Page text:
Progression-free survival in gastrointestinal stromal tumours with high-dose imatinib: randomised trial

@article{Verweij2004ProgressionfreeSI,
  title={Progression-free survival in gastrointestinal stromal tumours with high-dose imatinib: randomised trial},
  author={Jaap Verweij and Paolo Giovanni Casali and John R. Zalcberg and Axel Lecesne and Peter Reichardt and Jean Yves Blay and Rolf D. Issels and Allan T. van Oosterom and Pancras C. W. Hogendoorn and Martine van Glabbeke and Rossella Bertulli and Ian Judson},
  journal={The Lancet},
  year={2004},
  volume={364},
  pages={1127-1134}
}
BACKGROUND Imatinib is approved worldwide for use in gastrointestinal stromal tumours (GIST). We aimed to assess dose dependency of response and progression-free survival with imatinib for metastatic GIST. METHODS 946 patients were randomly allocated imatinib 400 mg either once or twice a day. Those assigned the once a day regimen who had progression were offered the option of crossover. The primary endpoint was progression-free survival. Analysis was by intention to treat. FINDINGS At… 
Efficacy of imatinib dose escalation in Chinese gastrointestinal stromal tumor patients.
TLDR
Imatinib dose escalation to 600 mg/d is more appropriate for Chinese patients and may achieve further survival benefit, while further dose escalation in 14 cases was ineffective, with disease progression and severe adverse events.
Outcome of patients with advanced gastro-intestinal stromal tumours crossing over to a daily imatinib dose of 800 mg after progression on 400 mg.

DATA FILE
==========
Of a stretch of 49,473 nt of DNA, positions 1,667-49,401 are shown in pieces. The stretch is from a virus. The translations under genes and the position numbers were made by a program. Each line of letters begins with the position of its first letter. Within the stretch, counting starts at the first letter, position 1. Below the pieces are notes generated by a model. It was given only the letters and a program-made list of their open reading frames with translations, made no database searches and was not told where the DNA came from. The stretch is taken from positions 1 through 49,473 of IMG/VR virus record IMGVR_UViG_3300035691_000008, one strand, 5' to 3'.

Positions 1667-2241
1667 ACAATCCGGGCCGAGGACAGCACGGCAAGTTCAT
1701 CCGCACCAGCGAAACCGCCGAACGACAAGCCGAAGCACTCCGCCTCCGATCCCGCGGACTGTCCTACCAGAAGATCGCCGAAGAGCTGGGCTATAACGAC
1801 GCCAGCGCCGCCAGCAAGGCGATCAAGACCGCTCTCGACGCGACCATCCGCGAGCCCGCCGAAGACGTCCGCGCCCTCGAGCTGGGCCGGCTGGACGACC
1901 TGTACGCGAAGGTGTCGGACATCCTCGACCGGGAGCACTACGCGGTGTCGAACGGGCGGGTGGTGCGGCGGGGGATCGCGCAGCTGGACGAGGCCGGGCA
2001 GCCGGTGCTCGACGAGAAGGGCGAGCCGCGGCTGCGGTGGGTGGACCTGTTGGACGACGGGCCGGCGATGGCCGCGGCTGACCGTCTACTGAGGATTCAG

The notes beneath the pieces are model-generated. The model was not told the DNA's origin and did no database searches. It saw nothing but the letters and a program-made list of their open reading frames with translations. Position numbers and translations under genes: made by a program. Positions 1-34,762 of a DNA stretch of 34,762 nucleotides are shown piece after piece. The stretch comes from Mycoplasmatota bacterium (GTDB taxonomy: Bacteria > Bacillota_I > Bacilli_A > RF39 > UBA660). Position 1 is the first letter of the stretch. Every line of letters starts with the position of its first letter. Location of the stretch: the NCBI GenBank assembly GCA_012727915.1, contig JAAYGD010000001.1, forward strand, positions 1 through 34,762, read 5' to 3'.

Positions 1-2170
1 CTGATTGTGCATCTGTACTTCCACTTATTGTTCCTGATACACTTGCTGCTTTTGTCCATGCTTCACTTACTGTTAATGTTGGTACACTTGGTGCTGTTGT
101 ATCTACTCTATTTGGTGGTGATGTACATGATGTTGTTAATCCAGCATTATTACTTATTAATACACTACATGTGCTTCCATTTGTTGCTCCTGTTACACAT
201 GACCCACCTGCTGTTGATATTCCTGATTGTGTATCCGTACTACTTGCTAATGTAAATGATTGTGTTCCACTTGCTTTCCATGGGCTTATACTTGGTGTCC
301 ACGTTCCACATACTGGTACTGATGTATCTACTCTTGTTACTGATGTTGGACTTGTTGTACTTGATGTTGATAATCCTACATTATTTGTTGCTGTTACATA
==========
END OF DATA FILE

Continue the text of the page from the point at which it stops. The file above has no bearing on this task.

TLDR
It is concluded that a cross-over to high-dose imatinib is feasible and safe in GIST patients who progress on low-dose therapy.
One vs three years of adjuvant imatinib for operable gastrointestinal stromal tumor: a randomized trial.
TLDR
Adjuvant imatinib administered for 12 months after surgery has improved recurrence-free survival (RFS) of patients with operable gastrointestinal stromal tumor (GIST) compared with placebo and overall survival of GIST patients with a high risk of Gist recurrence.
Systemic treatment of patients with gastrointestinal stromal tumor: Current status and future opportunities
TLDR
In the setting of unresectable and metastatic GIST, long-term follow-up of the B2222 study showed that imatinib 400 and 600 mg/d produced objective responses in 68% of patients and clinical benefit in 84%; it also extended median survival from 19 months in historical controls to 57 months.
KIT mutations and dose selection for imatinib in patients with advanced gastrointestinal stromal tumours.
TLDR
It is concluded that tumour genotype is of major prognostic significance for progression-free survival and overall survival in patients treated with imatinib for advanced GISTs, with KIT exon 9 mutant patients benefiting the most from the 800 mg daily dose of the drug.
Clinical outcomes of imatinib dose escalation versus sunitinib in first-line imatinib-failure gastrointestinal stromal tumour
TLDR
Both imatinib dose escalation and sunitinib were optional in Asian patients after failure of first-lineImatinib-failure Asian GIST patients, and patients with KIT exon 11 mutation benefited more from a direct shift to sunit inib.
Prognosis, imatinib dose, and benefit of sunitinib in GIST: knowing the genotype.
  • I. Judson
  • Medicine
    Journal of clinical oncology : official journal of the American Society of Clinical Oncology
  • 2008
TLDR
Patients treated with imatinib 800 mg had a superior progression-free survival (PFS) than those with wild-type disease, who had an increased risk of progression of 108% and a relative risk of death of 76% and two phase III trials were performed that compared the standard 400-mg dose with the 800-mg MTD.
Imatinib: a review of its use in the management of gastrointestinal stromal tumours.
TLDR
Imatinib dosages higher than 400 mg/day may improve progression-free survival, with an increase in dosage benefiting some patients who show disease progression at the lower dosage, particularly in those with exon 9 mutation; however, there is also a dose-related increase in imatinib toxicity.
Association of Dasatinib With Progression-Free Survival Among Patients With Advanced Gastrointestinal Stromal Tumors Resistant to Imatinib